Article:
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White House ups rhetoric on dangers of sequester
GOP: ‘Real impact’ being hyped for political effect
Question of the Day
“Let’s be very clear; Democrats in the House are trying to resolve it, Democrats in the Senate are trying to resolve it, President Obama is trying to resolve it and the Republicans are making a policy choice that these cuts are better for the economy than eliminating loopholes and benefits for the wealthy,” White House senior adviser Dan Pfeiffer said Sunday during the conference call with reporters.
“It should be easy for Republicans to do, but they are so focused on not giving the president a win.”
Mr. LaHood, a former Republican congressman from Illinois, also called on GOP members of Congress to put partisan politics aside and work with Mr. Obama to get a deal down to avoid the cuts.
“My audience is trying to persuade my former [congressional] colleagues that they need to come to the table with a proposal,” he said. “While the president has, the Republicans haven’t.”
The series of federal spending cuts — set into motion by the 2011 debt deal and delayed two months as part of the New Year’s Eve deal to avoid the “fiscal cliff” — would reduce the discretionary budgets of most agencies and programs by up to about 10 percent. A few notable exemptions apply, such as Social Security, veterans programs and education Pell Grants. And the sequester spared Medicare from a 2 percent cut to medical providers.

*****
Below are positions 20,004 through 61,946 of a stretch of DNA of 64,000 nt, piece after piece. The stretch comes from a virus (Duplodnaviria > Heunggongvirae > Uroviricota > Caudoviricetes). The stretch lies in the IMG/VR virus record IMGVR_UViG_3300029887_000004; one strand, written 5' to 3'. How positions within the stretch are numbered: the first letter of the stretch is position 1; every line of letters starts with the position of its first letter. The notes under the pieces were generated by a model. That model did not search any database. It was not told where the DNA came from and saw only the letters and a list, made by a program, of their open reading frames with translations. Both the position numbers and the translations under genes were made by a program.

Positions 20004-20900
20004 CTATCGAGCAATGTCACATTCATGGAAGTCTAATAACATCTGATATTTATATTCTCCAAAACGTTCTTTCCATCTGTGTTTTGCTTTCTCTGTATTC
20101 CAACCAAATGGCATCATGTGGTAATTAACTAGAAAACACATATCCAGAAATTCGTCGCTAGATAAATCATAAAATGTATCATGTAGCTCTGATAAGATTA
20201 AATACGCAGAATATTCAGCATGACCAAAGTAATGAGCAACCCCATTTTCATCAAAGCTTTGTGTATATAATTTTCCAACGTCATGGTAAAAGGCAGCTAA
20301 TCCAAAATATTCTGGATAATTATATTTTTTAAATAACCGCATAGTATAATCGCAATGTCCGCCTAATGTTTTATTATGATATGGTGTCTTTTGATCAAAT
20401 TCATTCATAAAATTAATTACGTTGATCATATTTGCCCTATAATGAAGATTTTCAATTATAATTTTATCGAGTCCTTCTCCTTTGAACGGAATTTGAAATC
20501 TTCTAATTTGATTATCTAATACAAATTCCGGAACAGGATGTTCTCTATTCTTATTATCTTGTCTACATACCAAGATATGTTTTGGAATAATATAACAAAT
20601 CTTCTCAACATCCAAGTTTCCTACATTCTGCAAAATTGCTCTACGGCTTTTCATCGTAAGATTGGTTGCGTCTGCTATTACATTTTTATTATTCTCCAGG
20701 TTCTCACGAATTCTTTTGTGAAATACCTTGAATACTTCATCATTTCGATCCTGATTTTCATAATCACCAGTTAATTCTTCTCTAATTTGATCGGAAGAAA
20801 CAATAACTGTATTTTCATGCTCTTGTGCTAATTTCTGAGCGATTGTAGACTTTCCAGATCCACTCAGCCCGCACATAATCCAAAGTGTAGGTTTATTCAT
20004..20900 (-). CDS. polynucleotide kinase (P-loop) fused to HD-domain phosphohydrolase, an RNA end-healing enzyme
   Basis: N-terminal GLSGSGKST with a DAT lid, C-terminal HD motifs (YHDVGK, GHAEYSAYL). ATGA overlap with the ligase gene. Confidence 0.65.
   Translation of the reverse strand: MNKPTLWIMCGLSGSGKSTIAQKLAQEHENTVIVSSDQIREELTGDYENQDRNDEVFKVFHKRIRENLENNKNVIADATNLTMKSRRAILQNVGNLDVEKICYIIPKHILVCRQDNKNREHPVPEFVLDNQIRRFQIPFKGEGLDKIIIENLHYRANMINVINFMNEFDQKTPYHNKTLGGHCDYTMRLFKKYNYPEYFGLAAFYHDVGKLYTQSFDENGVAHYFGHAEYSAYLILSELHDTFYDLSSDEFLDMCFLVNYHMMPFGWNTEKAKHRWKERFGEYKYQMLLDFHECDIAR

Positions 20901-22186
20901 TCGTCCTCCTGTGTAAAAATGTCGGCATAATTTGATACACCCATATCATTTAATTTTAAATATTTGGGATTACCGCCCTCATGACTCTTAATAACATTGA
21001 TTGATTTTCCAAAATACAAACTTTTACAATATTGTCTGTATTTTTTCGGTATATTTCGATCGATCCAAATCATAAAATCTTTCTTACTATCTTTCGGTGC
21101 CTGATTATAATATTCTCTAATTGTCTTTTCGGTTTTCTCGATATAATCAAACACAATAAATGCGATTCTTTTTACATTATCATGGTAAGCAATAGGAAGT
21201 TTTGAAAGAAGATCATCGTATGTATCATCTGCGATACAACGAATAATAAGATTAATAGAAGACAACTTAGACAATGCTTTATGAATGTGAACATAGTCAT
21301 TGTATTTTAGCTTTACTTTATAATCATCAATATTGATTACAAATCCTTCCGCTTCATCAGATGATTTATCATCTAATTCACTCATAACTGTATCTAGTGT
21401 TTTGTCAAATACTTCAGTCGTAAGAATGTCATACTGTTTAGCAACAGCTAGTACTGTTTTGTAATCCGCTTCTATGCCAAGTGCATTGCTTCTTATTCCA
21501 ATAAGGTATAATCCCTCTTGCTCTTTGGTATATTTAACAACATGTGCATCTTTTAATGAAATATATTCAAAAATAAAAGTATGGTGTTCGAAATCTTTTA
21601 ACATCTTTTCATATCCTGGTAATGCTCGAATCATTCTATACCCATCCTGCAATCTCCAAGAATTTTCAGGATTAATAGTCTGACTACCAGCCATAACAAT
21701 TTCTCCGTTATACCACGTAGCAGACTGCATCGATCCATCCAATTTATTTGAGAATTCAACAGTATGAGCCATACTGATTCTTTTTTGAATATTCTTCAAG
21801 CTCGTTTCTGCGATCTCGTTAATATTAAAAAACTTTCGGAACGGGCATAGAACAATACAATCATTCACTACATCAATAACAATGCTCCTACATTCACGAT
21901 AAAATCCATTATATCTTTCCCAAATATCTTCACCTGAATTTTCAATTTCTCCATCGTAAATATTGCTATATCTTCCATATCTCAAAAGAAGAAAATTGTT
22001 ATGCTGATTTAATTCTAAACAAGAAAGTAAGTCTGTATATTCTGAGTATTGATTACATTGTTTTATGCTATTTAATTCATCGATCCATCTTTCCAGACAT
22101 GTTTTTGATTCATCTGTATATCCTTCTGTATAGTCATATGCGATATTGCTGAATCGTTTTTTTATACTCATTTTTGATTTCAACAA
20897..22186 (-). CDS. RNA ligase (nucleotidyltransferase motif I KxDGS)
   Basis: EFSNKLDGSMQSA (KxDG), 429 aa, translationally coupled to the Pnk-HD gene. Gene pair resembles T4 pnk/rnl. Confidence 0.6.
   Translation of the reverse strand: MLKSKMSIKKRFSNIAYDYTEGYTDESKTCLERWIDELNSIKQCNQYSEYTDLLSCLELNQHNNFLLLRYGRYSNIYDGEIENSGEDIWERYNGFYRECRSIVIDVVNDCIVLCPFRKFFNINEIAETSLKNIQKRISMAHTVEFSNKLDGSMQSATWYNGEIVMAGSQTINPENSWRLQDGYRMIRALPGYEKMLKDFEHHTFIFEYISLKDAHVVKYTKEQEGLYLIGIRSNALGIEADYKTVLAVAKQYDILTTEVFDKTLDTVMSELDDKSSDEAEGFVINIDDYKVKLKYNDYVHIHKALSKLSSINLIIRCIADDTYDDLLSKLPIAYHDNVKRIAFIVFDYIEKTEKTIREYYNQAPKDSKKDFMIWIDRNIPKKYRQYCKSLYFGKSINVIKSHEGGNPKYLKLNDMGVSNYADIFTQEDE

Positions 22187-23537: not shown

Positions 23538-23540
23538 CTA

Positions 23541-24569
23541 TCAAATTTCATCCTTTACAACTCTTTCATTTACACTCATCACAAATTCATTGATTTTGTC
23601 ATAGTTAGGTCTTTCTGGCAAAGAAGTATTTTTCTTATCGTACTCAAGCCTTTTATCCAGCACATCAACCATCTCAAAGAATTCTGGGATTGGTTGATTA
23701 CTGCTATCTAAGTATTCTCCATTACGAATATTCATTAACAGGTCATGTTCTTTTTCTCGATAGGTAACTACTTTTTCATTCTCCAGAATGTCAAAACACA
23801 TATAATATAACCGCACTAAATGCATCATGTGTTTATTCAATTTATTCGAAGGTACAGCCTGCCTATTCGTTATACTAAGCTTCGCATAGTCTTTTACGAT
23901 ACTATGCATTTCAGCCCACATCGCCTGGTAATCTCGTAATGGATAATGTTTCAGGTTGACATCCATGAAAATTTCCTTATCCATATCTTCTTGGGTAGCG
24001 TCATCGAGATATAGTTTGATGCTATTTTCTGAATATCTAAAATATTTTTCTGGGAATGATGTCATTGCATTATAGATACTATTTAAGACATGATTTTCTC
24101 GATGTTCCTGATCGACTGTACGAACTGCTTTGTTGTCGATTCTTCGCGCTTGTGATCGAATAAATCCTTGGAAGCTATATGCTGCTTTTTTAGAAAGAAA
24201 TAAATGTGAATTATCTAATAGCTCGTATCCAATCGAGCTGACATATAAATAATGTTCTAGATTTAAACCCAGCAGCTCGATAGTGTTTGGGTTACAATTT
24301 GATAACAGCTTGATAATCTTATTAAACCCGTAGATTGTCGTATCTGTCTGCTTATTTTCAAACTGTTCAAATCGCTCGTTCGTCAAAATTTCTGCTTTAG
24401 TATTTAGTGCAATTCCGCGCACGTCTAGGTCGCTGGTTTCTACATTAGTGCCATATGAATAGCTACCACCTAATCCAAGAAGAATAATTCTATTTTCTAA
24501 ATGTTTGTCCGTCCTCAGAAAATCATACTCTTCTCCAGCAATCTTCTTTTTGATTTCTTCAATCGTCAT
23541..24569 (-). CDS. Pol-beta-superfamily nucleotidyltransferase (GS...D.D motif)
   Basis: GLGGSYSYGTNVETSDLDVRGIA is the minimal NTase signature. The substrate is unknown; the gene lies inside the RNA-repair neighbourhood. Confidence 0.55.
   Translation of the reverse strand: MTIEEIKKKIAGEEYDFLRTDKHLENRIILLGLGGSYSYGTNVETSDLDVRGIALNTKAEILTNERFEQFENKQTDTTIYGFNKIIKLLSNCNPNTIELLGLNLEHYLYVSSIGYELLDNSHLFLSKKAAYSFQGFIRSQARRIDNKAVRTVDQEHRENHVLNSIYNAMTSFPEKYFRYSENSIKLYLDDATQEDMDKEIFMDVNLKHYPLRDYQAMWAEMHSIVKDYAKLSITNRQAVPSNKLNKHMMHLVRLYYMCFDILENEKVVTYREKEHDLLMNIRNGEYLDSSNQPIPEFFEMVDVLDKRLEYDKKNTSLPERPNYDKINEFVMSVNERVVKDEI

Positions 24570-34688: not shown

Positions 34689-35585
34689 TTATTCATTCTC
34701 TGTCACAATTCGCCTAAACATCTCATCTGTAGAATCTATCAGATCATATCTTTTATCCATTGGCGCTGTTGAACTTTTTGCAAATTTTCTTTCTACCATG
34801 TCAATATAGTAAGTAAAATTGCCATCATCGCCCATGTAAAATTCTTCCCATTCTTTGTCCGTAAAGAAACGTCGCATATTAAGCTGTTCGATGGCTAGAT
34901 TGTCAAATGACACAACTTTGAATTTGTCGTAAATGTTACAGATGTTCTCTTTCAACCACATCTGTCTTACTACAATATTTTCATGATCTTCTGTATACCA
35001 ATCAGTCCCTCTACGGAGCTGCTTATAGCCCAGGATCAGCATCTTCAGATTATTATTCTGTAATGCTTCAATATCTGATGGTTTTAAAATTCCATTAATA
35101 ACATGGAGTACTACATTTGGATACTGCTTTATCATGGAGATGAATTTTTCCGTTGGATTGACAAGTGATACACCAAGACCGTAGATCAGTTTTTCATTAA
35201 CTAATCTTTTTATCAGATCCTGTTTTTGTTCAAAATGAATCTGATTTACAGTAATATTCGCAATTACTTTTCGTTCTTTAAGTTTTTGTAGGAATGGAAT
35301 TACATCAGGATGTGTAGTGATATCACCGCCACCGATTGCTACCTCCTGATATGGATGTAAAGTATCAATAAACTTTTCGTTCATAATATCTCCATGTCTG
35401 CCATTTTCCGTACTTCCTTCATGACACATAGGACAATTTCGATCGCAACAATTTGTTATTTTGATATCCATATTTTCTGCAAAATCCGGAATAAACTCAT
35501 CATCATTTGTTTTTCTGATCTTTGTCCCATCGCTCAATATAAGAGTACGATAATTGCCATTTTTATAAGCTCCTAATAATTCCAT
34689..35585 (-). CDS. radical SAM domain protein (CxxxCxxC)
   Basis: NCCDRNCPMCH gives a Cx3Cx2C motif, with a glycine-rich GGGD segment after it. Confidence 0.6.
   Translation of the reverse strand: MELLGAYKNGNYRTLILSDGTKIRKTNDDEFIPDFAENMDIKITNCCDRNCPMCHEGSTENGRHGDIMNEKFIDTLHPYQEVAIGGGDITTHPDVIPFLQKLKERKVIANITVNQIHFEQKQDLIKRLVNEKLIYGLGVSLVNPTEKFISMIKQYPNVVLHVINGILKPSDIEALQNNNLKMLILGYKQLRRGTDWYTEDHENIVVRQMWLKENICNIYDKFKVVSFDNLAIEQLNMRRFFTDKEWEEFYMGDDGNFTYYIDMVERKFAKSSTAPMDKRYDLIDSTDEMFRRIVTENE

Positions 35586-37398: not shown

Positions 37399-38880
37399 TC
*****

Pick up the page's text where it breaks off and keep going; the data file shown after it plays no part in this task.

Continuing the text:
The sequesters never were intended to be implemented. Rather, they were meant to be so onerous that all sides involved would be inspired to find other, more palatable ways to lower the debt and deficit.
Republicans, who initially balked at the pending Pentagon cuts, have concluded the sequesters offer their best immediate chances for real spending cuts.
Sen. Tom Coburn on Sunday accused the administration of “absolutely” exaggerating the potential adverse effects of the sequesters.
“You see the typical setup, a straw man,” he said on “Fox News Sunday.”
The Oklahoma Republican, who said he doesn’t think a deal will be reached in time to avoid the cuts, added federal agencies such as the Homeland Security and Transportation departments have “plenty of flexibility” to find ways to implement the cuts in ways that don’t compromise safety or national security.
“There’s easy ways to cut this money that the American people will never feel,” he said. “What you hear is an outrage because nobody wants to cut spending. … It will be somewhat painful, but not cutting spending is going to be disastrous for our country.”
But Danny Werfel, controller of the White House’s Office of Management and Budget, said federal agency heads have “limited flexibility” in how to impose the cuts.
“All of these various disruptions and harmful impacts — they’re going to occur,” he told reporters on the conference call. “We can try to mitigate some of them, and we are to the best of our ability. … [But] when you’re taking an $85 billion cut over a seven-month period, there is no road map of flexibility that allows you to eliminate many, many of the disruptions that are going to occur.”
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About the Author
Sean Lengell covers Congress and national politics and can be reached at email@example.com.
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